Bible Cross-References

This set of visualizations started as a collaboration between Pastor Christoph Römhild and myself in 2007. He had assembled a digital dataset of cross references found in the King James Bible. Cross-references are conceptual links between verses, connecting locations, people, phrases, etc. found in different parts of the Bible. Cross-references are included in the margins or footnotes of some Bibles (example here). The pastor and I struggled to find an elegant solution to render the data – 63,779 cross references in total. We set our sights on something more beautiful than functional. At the same time, we wanted a visualization that honored and revealed the complexity of the Bible at every level – as one leans in, smaller details should become visible. This ultimately led us to the multi-colored arc diagram you see below. Jordan Peterson has included this graphic in his lecture series discussing how the Bible could be considered "the first hyperlinked book".

The bar chart that runs along the bottom represents all of the chapters in the Bible, starting with Genesis 1 on the left. Books alternate in color between light and dark gray, with the first book of the Old and New Testaments in white. The length of each bar denotes the number of verses in that chapter (for instance, the longest bar is the longest chapter in the Bible, Psalm 119). Each of the 63,779 cross references found in the Bible are depicted by a single arc - the color corresponds to the distance between the two chapters, creating a rainbow-like effect.

After a half-decade hiatus, art prints (36x22") of the Bible Cross References are now available. You can pay via paypal or credit card (use the "checkout as guest" option) using the button to the right, or order through Amazon. I batch ship them weekly in 2-foot long tubes and it takes a week or so to arrive, so please be patient. If more than two weeks has passed, please email me! Use Amazon if you want tracking information. Signed versions (with real ink, by me) are also available.
Select Version

If you really want to dig into Biblical cross references, I would suggest purchasing a Study Bible. If you want to go a bit fancier, I recommend this Study Bible. Alternatively, this version is a bit more basic, but totally functional.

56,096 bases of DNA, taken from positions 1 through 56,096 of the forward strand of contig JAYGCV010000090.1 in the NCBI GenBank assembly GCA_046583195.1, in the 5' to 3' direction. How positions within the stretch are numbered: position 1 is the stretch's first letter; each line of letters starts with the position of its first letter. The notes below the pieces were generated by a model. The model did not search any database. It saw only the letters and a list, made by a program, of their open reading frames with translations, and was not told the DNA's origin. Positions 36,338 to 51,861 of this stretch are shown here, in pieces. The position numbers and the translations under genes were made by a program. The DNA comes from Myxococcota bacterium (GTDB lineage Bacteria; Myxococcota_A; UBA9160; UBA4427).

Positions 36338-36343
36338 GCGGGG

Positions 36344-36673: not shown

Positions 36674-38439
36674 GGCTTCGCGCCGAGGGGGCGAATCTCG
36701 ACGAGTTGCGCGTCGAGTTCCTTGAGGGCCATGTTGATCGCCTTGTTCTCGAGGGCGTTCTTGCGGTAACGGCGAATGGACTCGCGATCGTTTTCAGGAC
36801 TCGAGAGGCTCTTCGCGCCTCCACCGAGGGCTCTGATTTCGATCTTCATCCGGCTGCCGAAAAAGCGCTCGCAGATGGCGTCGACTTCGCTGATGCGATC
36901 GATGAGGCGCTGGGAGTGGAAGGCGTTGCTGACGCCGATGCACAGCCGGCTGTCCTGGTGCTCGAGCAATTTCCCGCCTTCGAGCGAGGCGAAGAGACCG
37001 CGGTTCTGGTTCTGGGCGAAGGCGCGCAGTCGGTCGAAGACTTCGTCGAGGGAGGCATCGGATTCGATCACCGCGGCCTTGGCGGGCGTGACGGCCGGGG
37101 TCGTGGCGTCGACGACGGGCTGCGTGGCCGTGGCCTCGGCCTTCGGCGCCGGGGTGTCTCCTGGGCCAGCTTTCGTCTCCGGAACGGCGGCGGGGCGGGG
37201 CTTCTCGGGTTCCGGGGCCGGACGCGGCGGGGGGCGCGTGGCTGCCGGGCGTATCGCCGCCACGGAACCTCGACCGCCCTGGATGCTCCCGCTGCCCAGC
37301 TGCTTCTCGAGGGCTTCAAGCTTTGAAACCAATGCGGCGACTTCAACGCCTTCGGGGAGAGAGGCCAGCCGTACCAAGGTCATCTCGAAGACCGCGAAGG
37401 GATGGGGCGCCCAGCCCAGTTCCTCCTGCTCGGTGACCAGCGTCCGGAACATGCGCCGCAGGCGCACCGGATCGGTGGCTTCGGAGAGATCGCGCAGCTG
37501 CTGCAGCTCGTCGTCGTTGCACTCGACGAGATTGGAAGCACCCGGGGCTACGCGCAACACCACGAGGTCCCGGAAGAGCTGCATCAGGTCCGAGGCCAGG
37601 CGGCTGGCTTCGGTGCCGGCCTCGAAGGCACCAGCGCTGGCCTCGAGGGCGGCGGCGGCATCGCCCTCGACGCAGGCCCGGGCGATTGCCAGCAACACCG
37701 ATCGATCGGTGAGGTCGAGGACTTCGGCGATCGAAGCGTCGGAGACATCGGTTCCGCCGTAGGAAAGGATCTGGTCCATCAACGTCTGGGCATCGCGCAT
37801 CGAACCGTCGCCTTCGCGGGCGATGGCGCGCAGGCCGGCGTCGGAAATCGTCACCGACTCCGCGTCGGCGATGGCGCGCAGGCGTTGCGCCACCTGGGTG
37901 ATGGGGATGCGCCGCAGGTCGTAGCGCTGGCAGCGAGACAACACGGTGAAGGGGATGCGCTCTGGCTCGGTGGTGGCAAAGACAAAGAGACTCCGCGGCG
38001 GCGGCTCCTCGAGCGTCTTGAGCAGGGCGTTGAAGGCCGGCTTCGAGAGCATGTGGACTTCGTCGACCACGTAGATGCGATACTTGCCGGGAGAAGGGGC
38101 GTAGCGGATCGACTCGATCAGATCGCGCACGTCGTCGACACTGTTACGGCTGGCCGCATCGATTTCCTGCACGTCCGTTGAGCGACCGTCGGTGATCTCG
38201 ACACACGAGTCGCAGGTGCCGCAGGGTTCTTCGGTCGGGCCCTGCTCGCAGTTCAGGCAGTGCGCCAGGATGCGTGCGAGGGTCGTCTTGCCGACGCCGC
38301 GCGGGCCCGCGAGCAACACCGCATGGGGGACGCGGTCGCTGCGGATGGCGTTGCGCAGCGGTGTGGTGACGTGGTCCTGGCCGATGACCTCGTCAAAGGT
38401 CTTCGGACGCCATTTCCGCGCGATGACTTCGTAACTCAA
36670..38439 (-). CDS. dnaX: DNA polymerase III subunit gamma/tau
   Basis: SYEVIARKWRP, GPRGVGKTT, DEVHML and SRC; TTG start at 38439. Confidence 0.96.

Medium Resolution (free)
High Resolution (on Etsy)

Biblical Social Network (People and Places)

Soon after finishing the cross-references arc visualization, I set out to create a new data set derived from the Bible’s text. This time I wanted to better capture the story, most notably the people and places, and the interactions between them. I did this by building a list of biblical names (2619 in total) and parsing a digital copy of the King James Bible. Each time two names occurred in the same verse, a connection was created between them. This produced essentially a social network of people and places. Because such relationships had no ordering or structure (unlike the cross references), I used a spatial clustering algorithm I developed for one of my other projects. This process causes related entities and highly connected groups to coalesce. I themed the output like an old piece of parchment.

Additional details: Entities with less than 40 connections are drawn at an angle. Those with 40 or more connected entities are rendered horizontally - size is linearly proportional to the number of connections. The graph contains over 10,000 connections, too many to be useful and thus made purposely faint as not to overwhelm the piece. The names On, So, and No were excluded since they are both names and words (and I wasn't doing anything clever like named entity recognition when parsing the text).

Medium Resolution (free)
High Resolution (on Etsy)

Distribution of Biblical People and Places

With the biblical names list already compiled and a copy of the King James Bible sitting on my desktop, another visualization was inevitable. I settled on a classic distribution visualization, which shows where various people and places occur in the text. Much of the Bible is chronological, so there is a strong temporal ordering.

Visually, this is the entire Bible printed on a single piece of paper (you'll need to look at the high-res version to see it). Floating above the text are the people and places that appear in the Bible - more than 2,600 names in total. These are positioned according to their average location in the text. Faded lines are rendered to show where they occur. Additionally, font size is proportional to the number of occurrences in the text - the larger the name, the more frequently it appears. The names On, So, and No were excluded.

I've provided the visualization in three color themes. Additionally, because the graph is so dense, I've included two extra versions for people who really want to study it up close. These are simply splitting the content - the "All Names" version is the two combined. You really need to download the high resolution versions to see all of the detail.

All NamesLess Frequent Names OnlyMore Frequent Names Only
© Chris Harrison